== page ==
The most recent version of Google’s software designed exclusively for televisions is called Android TV and is based on the most recent version of Android designed for mobile devices. The majority of its new changes may be classified as being directed toward developers in nature; nevertheless, when it eventually hits their personal sets, some users may find the extended physical keyboard layout configurations and upgraded privacy controls to be welcome additions.
Because Android 13 for TV has been officially launched by Google, it is now possible for a large screen equipped with this operating system to be just as modern as a new or relatively new smartphone. On the other hand, it is quite doubtful that it will become available over-the-air (OTA) to the general public anytime soon; the majority of relevant displays, boxes, or anything else are still operating on Android 11 at the best.
In spite of this, a more recent version of the user interface has been released, and it is technically accessible for download for users who have the ADT-3 Developer Kit or who want to run Android Emulator for TV. In addition, original equipment manufacturers (OEMs) may currently be working on implementing it.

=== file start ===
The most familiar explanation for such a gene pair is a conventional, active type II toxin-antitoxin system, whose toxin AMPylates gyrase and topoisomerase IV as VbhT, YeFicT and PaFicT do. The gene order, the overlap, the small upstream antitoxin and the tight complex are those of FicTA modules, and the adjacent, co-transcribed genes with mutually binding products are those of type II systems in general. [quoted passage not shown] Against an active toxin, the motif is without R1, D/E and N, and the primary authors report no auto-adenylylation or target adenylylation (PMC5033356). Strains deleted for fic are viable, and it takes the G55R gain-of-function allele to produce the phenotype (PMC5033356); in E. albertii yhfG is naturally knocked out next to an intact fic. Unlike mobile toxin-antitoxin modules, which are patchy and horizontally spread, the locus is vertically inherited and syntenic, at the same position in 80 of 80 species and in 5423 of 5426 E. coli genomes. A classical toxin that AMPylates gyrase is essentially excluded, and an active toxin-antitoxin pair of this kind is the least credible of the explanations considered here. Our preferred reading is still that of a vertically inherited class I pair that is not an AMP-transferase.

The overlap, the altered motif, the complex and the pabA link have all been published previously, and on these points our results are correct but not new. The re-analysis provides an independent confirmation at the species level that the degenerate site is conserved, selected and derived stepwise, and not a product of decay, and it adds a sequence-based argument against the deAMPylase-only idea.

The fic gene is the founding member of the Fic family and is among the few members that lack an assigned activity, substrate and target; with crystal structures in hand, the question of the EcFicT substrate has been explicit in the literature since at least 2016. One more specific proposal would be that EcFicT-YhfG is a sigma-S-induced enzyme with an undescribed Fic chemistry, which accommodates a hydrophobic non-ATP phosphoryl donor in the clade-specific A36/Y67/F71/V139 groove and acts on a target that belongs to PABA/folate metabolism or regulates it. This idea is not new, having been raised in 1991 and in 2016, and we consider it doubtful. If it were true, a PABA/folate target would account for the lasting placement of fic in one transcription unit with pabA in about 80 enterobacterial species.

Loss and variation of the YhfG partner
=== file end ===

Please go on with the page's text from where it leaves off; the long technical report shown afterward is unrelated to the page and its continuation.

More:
Despite this, it seems that Android 13 for TV may be the area of the platform that developers are most interested in right now. They may find it interesting to experiment with the new application programming interface (API) that enables the superimposition of various language layouts on linked physical keyboards.
Android 13 for TV also adds improvements to the language choice, resolution, and refresh rate controls that are available on some HDMI source devices. It may be simpler to keep audio descriptions on throughout apps, and the user interface’s privacy options may be designed to reflect a mechanical mute switch if such a switch is accessible on the television in question.